LOE BAR WRECK
List Entry Summary
This site is designated under the Protection of Wrecks Act 1973 as it is or may prove to be the site of a vessel lying wrecked on or in the sea bed and, on account of the historical, archaeological or artistic importance of the vessel, or of any objects contained or formerly contained in it which may be lying on the sea bed in or near the wreck, it ought to be protected from unauthorised interference. Protected wreck sites are designated by Statutory Instrument. The following information has been extracted from the relevant Statutory Instrument.
Name: LOE BAR WRECK
List Entry Number: 1000076
Gunwalloe Fishing Cove, Cornwall
The site itself may lie within the boundary of more than one authority.
National Grid Reference: SW 64594 23336
Date first designated: 23-May-1999
Date of most recent amendment: Not applicable to this List entry.
Legacy System Information
The contents of this record have been generated from a legacy data system.
Legacy System: AMIE - Wrecks
This list entry does not comprise part of an Asset Grouping. Asset Groupings are not part of the official record but are added later for information.
List entry Description
Information provided under the Statutory Instrument heading below forms part of the official record of a protected wreck site. Information provided under other headings does not form part of the official record of the designation. It has been compiled by Historic England to aid understanding of the protected wreck site.
Summary of Site
The remains of a seventeenth-century armed cargo vessel, thought to be identifiable with the English East Indiaman President, which stranded near Loe Bar in 1684. Homeward bound from India to London, she was carrying spices, indigo, drugs, Indian piece goods [i.e. textiles], pepper, and jewellery.
Reason for Designation
The site is potentially the wreckage of the President, a 500-ton English East Indiaman built in 1671, lost in 1684 on a homeward voyage. Cannon found on the site suggest the wreck is of a seventeenth-century date. Records show that she carried an extremely valuable cargo of spices, indigo, drugs, Indian piece goods and 100 tons of pepper. Also listed were a small amount of diamonds and much 'Jewish Treasure of Pearl"' though the latter may be polished nacre. Historical evidence indicates that salvage took place soon after the wrecking.
Designation Order: (No 1), No 1438, 1999
Made: 23rd May 1999
Laid before Parliament: 24th May 1999
Coming into force: 14th June 1999
Protected area: 250 metres within 50 03.778 N 005 17.374 W
No part of the restricted area lies above the high-water mark of ordinary spring tides.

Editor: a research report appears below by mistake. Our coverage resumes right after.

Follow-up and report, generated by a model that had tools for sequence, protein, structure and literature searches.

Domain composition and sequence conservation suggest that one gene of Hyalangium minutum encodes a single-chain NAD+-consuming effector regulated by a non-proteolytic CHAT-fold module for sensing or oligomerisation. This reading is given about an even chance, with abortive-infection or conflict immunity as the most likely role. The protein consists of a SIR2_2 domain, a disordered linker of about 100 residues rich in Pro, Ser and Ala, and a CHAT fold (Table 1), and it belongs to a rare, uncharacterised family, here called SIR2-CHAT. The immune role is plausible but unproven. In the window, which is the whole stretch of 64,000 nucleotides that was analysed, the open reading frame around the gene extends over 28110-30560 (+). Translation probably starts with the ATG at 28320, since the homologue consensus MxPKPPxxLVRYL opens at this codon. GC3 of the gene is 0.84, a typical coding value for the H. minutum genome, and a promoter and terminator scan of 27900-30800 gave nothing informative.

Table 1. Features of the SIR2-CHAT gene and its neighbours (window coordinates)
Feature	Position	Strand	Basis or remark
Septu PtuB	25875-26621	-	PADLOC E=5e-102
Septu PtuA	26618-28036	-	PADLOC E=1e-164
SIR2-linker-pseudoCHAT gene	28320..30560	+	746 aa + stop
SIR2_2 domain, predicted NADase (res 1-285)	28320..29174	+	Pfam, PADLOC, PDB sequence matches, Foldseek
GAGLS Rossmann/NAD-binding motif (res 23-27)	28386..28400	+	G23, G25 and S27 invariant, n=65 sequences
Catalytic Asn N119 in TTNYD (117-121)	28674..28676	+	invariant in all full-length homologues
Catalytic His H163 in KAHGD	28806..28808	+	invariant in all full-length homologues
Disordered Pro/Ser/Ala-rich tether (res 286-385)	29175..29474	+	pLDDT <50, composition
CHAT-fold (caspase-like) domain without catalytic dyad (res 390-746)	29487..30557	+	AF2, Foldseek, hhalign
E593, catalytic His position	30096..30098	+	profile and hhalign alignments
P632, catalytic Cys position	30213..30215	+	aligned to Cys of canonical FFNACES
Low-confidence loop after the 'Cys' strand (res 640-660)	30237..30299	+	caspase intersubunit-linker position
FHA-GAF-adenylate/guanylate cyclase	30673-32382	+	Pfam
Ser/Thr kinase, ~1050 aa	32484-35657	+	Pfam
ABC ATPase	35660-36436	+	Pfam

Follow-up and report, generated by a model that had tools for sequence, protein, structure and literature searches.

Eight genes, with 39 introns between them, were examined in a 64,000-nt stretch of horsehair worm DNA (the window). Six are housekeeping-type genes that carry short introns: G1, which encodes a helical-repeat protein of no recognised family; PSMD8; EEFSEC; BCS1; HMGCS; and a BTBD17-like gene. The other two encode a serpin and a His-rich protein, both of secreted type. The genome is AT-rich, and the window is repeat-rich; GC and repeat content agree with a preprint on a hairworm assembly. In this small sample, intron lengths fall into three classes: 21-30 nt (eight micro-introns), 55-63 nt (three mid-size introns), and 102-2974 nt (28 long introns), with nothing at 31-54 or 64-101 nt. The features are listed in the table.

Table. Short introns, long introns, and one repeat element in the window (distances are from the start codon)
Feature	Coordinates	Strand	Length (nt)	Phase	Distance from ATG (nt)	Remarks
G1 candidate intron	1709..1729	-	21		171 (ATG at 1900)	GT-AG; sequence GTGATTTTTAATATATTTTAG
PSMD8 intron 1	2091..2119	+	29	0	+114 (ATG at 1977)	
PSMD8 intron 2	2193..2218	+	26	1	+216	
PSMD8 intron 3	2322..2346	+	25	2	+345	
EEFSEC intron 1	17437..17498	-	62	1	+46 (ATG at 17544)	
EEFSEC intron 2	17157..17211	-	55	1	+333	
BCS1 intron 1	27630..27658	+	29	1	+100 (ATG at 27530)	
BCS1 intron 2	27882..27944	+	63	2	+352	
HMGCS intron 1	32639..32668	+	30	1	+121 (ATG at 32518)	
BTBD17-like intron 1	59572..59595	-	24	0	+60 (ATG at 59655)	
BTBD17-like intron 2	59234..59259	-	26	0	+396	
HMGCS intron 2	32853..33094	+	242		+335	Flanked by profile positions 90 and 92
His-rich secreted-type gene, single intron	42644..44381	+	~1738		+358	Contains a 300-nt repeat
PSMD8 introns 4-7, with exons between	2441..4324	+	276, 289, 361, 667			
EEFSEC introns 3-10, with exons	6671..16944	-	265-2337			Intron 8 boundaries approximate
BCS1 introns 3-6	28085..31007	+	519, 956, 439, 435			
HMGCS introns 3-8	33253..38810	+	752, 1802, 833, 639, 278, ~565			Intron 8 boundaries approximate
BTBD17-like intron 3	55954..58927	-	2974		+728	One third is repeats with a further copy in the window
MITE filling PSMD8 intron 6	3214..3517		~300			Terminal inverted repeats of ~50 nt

Documentary History: Date of loss of the President is cited as being the 11th February 1683. However, at this period the Julian Calendar was still in use in England, with the New Year additionally beginning on 25th March. Thus all dates between 1st January and 24th March inclusive are reckoned as one year "behind" the modern Gregorian or "New Style" calendar, in which 1683 would be 1684.
The President was on a homeward voyage and contemporary records show that she carried an extremely valuable cargo. Historical evidence indicates that salvage took place soon after the wrecking.
'On the Sunday immediately following, in Sermon-Time, the People of the next Town first heard of the Wreck, whereupon with one consent they ran out from their Devotion to the Spoil, leaving the Parson to Preach to the bare Walls. The Company sent down several Persons to recover what they could; which was scarce enough to pay for their Journey. The vessel nevertheless was of very rich Lading, being modestly judged of no less than a hundred thousand pound Fraight; of the Companies; beside what belong'd to private Persons, with much Jewish Treasure of Pearl and Diamonds. The said Smith and Harshfield having receiv'd Commendation of His Majesty, are now preferr'd by the Company, and sent out again to sea.'
The wreck was designated as probably being the wreck of the President, a rare example of a seventeenth-century ship and an East Indiaman, of which only one other, the Trial, has been investigated archaeologically.
Archaeological History: The site was discovered in 1998 with designation pursued so as to prevent salvage. A contemporary account of the wreck by a survivor gave descriptions of some topographical features believed by the team surveying the site to be still identifiable in the cliff overlooking the wreck site, which lies close to the low water mark.
The report of the discovery of the wreck by Mr Martin was published in the diving press in October 1998, with two tons of timber and 58 cannon reportedly recovered.
The remains lie in 10-11 metres. The area is rocky with variable sand cover, lying a few metres from the low water mark. Iron objects are scattered over the site, but smaller items may be covered by pockets of sand in the uneven rock. The surge from offshore swell makes the site very dynamic, and loose material is easily moved or covered in as much as 3 to 4 metres of shingle overburden.
Loe Bar Site Designation,
Receiver of Wreck Droit,
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End of official listing